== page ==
Outside of some 1950s microcars and a certain rounded two-door with an air-cooled engine that sold 21,529,464 examples over the course of 65 years, German automobiles have not typically been known for their affordability. Thankfully, the passage of time tends to temper that trait, and some vehicles that were once out of reach of many enthusiasts can now be purchased for a small fraction of their original prices. We’ve rounded up a selection of classics and modern-classics that we feel represent surprisingly good value in today’s hot market. You may find an example or two of these on the various marque pages in the pages of Hemmings Motor News, along with suppliers of parts and services to bring them up to snuff or keep them in fine roadworthy condition. If you’re ready to enjoy the understated style, quality, and precise road manners that vintage German engineering offers, read on, and then peruse the Hemmings’ classifieds.
1995-’99 BMW 318ti
What to Pay: $1,400-$3,800
BMW’s last attempt at marketing a true entry-level, sub-$20,000 model in the U.S. came with the 1990s E36-generation of 3-series and its funky 318ti. This compact two-door channeled the spirit of the rare and stylish 2002 Touring with its hatchback body style and 138- hp twin-cam four-cylinder engine. Status-conscious Americans didn’t warm to this offbeat BMW even though it promised athletic rear-wheel-drive handling acumen in a segment dominated by front-drivers like VW’s Golf GTI. Special ti variants included the big-sunroof California Edition and M-fettled Club Sport, and they are the cars that tended to attract enthusiast owners who maintained them. While price guides peg 318ti’s as sub-$5,000 cars, classic.com suggests they’re gaining value with an average of $9,076; out of 19 North American auction sales between 2017 and 2022, eight broke the $10,000 barrier. Even still, a 318ti is a bargain since its likes will never be built again.
1976-’82 Porsche 924
What to Pay: $8,550-$23,000
It’s been dismissed and disparaged for decades, but the basic 924 has always represented a finely balanced, surprisingly practical, fun-to-drive-a-slow-car-fast type of sports car. A Volkswagen project that was designed, engineered, and ultimately marketed by Porsche, the water-cooled, inline-four/transaxle-driveline 924 2+2 hatchback coupe would be developed into a no-excuses performance machine as the 931 Turbo, the 944-powered 924S, and the subsequent 944 and 968 models. The original 2.0-liter, 95 to 115-horsepower 924 is both an approachable entry point into the marque and a great tool that keen drivers can enjoy modifying and use to improve their car-control skills. You’ll find 924 cars, parts suppliers, and specialist firms in Hemmings’ pages. It likely won’t appreciate much, but compared to a 911, the 924 is cheap to maintain and improve, and as the least expensive Porsche on the market, it offers a lot of bang for the buck.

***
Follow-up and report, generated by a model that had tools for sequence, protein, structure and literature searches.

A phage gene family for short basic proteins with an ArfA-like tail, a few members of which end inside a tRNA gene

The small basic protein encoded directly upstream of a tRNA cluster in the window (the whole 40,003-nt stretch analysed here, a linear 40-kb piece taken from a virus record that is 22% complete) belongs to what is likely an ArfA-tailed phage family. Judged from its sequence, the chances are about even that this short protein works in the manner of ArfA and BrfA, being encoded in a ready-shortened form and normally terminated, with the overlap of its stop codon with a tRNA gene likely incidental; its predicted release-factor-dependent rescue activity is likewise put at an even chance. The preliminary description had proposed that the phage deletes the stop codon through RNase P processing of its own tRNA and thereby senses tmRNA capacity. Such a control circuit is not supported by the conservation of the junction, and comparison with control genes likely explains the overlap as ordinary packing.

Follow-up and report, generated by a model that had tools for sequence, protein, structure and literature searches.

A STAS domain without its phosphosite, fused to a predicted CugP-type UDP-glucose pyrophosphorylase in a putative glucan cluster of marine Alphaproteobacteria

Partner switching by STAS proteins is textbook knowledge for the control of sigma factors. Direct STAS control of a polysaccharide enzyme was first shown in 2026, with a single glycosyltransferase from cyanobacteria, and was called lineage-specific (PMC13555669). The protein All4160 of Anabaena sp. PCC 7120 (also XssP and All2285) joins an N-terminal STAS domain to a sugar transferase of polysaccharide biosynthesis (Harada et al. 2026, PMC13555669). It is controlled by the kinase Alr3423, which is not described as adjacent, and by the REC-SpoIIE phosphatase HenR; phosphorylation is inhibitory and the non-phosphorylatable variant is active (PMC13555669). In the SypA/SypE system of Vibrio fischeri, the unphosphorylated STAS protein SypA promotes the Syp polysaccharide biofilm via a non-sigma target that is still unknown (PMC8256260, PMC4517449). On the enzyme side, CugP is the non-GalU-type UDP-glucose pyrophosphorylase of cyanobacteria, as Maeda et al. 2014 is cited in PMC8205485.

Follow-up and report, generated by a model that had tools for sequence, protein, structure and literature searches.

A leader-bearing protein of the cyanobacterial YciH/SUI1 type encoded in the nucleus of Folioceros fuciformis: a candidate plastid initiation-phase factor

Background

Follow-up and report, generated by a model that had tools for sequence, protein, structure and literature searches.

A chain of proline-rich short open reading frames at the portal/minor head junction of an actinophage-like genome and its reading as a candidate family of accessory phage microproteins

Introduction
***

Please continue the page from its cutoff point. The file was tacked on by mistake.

1985-’93 Volkswagen Cabriolet
What to Pay: $1,650-$4,025
The specialists at Karmann had decades of experience hand-building Volkswagen’s low-volume convertible versions of the Type 1 Sedan and its front-drive successor, the Golf/Rabbit. VW’s second-generation soft-top shared crisp Giugiaro styling with the solid-roof variants but added the iconic reinforcing roll hoop and snug, triple-layer folding roof. While it entered our market in 1980 as the Rabbit Convertible, this model got a notable upgrade in 1985 when it was renamed Cabriolet and fitted with the Mark 1 GTI’s sprightly 90-hp 1.8-liter engine. VW’s 1988 facelift gave it modern monochromatic styling; multiple special editions drove showroom traffic. It’s believed more than 90,000 Cabriolets were sold here, and surviving examples are reasonably priced, although the best can command upwards of $10,000. Fans love fitting Cabriolets with performance upgrades to enhance their delightful dynamics while retaining their classic 1980s style.
2005- ’11 Mercedes-Benz SLK 55 AMG
What to Pay: $20,000-$25,000
Kicking yourself for not buying the 1955 Mercedes-Benz 300 SLR Uhlenhaut Coupé that RM Sotheby’s sold for $135 million Euro ($134 million U.S. dollars) back in May at the Mercedes-Benz Museum in Stuttgart? Same here. Luckily, there are other fast, sporty Mercedes-Benzes available out there for a little less than the cost of a private island and a lightly used Gulfstream to fly you there. Take the under-the radar SLK 55 AMG, for instance. This unassuming, compact roadster boasted a lot of outsized features: a retracting “vario-roof” hardtop, a 355-hp 5.4-liter V-8 paired with a seven-speed AMG Speedshift automatic transmission, 18-inch AMG wheels, AMG sport suspension, disc brakes with six-piston calipers, AMG-tuned exhaust with four outlets, and more. It also boasted outsized performance: 4.3 seconds to 60 mph and a 12.7-second quarter mile when Car and Driver tested one back in 2005. The SLK 55 AMG was also the first Mercedes-Benz to receive the Black Series treatment, which raised horsepower to 400, lowered the car’s weight by 99 pounds, and shaved about a half-second off its 0 to 60 mph time. Only 100 were built, but the car wasn’t officially available in the U.S. SLK 55 AMGs stickered north of $60,000 when new, but today they can be found for $30,000 and less—much less for higher mileage cars.